• , Qin Guo
    •  & Natasha Y. Frank
  5. Bascom Palmer Eye Institute and the Department of Ophthalmology, University of Miami Miller School of Medicine, Miami, Florida 33136, USA

    • Victor L. Perez
    •  & Fernando Cruz-Guilloty
  6. Department of Ophthalmology, University of Cincinnati Medical Center, Cincinnati, Ohio 45229, USA

    • Winston W. Y. Kao
    •  & Mindy K. Call
  7. Stephen A Wynn Institute for Vision Research, Carver College of Medicine, Department of Ophthalmology and Visual Sciences, University of Iowa, Iowa City, Iowa 52242, USA

    • Budd A. Tucker
  8. Department of Pathology, Brigham and Women’s Hospital, Boston, Massachusetts 02115, USA

    • Qian Zhan
    •  & George F. Murphy
  9. Department of Ophthalmology, University of Pittsburgh School of Medicine & Department of Bioengineering, University of Pittsburgh Swanson School of Engineering, Pittsburgh, Pennsylvania 15213, USA

    • Kira L. Lathrop
  10. Center for Systems Biology and Wellman Center for Photomedicine, Massachusetts General Hospital and Harvard Medical School, Boston, Massachusetts 02114, USA

    • Clemens Alt
    • , Luke J. Mortensen
    •  & Charles P. Lin
  11. Harvard Stem Cell Institute, Harvard Medical School, Boston, Massachusetts 02138, USA

    • Markus H. Frank
    •  & Natasha Y. Frank
  12. Division of Genetics, Brigham and Women’s Hospital, Boston, Massachusetts 02115, USA

    • Natasha Y. Frank


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N.Y.F., M.H.F. and B.R.K. designed the study. P.E.K., B.R.K., N.Y.F., M.H.F., B.J.W., K.R.S., Q.G., J.M., S.P.M., M.S.G., W.J.B.V., Q.Z., K.L.L., C.P.L., C.A. and L.J.M. performed experiments. V.L.P., F.C.-G. and B.A.T. provided reagents and specimens. W.W.Y.K. and M.K.C. provided technical assistance. P.E.K., B.J.W., Q.G., J.M., S.P.M., M.S.G., W.J.B.V., J.D.Z., G.F.M., B.R.K., M.H.F. and N.Y.F. analysed the data. N.Y.F., M.H.F. and B.R.K. wrote the manuscript. M.H.F. and N.Y.F. are co-senior investigators.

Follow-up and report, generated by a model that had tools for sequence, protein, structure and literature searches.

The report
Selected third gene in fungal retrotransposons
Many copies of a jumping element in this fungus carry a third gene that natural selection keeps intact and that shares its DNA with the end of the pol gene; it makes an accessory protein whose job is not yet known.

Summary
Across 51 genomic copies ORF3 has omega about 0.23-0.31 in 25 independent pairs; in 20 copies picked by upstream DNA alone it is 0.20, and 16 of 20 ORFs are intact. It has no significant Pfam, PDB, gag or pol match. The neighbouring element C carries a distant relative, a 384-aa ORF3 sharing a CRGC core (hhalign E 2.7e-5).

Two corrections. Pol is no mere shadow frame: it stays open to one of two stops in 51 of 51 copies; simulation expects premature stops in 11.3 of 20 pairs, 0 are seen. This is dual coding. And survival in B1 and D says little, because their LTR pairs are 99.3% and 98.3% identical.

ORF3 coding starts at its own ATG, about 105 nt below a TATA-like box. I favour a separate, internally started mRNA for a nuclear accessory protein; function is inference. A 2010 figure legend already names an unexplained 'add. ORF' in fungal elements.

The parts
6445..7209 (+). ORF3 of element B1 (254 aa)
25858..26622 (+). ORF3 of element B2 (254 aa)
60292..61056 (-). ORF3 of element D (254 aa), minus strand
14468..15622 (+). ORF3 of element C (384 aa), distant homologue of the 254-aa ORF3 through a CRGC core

Competing interests

M.H.F. is co-inventor of the ABCB5-related US patent 6,846,883 (Gene encoding a multidrug resistance human P-glycoprotein homologue on chromosome 7p15-21 and uses thereof) assigned to Brigham and Women’s Hospital, Boston, Massachusetts, and licensed to Ticeba GmbH (Heidelberg, Germany) and Rheacell GmbH & Co. KG (Heidelberg, Germany). M.H.F. serves as scientific advisor to Ticeba GmbH and Rheacell GmbH & Co. KG.

Corresponding authors

Correspondence to Markus H. Frank or Natasha Y. Frank.

Extended data

Supplementary information


  1. 1.

    Limbal epithelial cell Abcb5/BrdU co-expression.

    Immunofluorescent staining of limbal epithelial cells for Abcb5 (red) and BrdU (green) co-expression counterstained with DAPI (blue), analyzed by confocal microscopy in the limbal epithelium of mouse corneal whole mounts. This supplementary video consists of sequential confocal images depicting a cluster of ABCB5(+)/BrdU(+) label-retaining cells surrounded by double-negative ABCB5(-)/BrdU(-) cells and relatively rare, single-positive ABCB5(+)/BrdU(-) cells. Magnification: 60x.

  2. 2.

    Identification of the limbal epithelium.

    Identification of the limbal epithelium within corneal whole mounts via identification of posteriorly localized limbal vessels within the underlying stroma. Cell nuclei are counterstained with DAPI (blue) and sequential confocal images are displayed beginning from the apical corneal epithelial layer and moving down into the stroma of the cornea and limbus. Appearance of the limbal vessels in the stroma is used to identify the overlaying limbal epithelial layer. This technique was used for immunostaining analyses. Magnification: 20x.

  3. 3.

    ABCB5(+) cells within palisades of Vogt.

    Sections through the palisades of Vogt in the anterior limbus were stained with anti-ABCB5 mAb (red) with nuclear counterstaining (blue), and analyzed by confocal microscopy. This supplementary video consists of sequential confocal images depicting the location of ABCB5(+) cells within palisades. Magnification: 20x.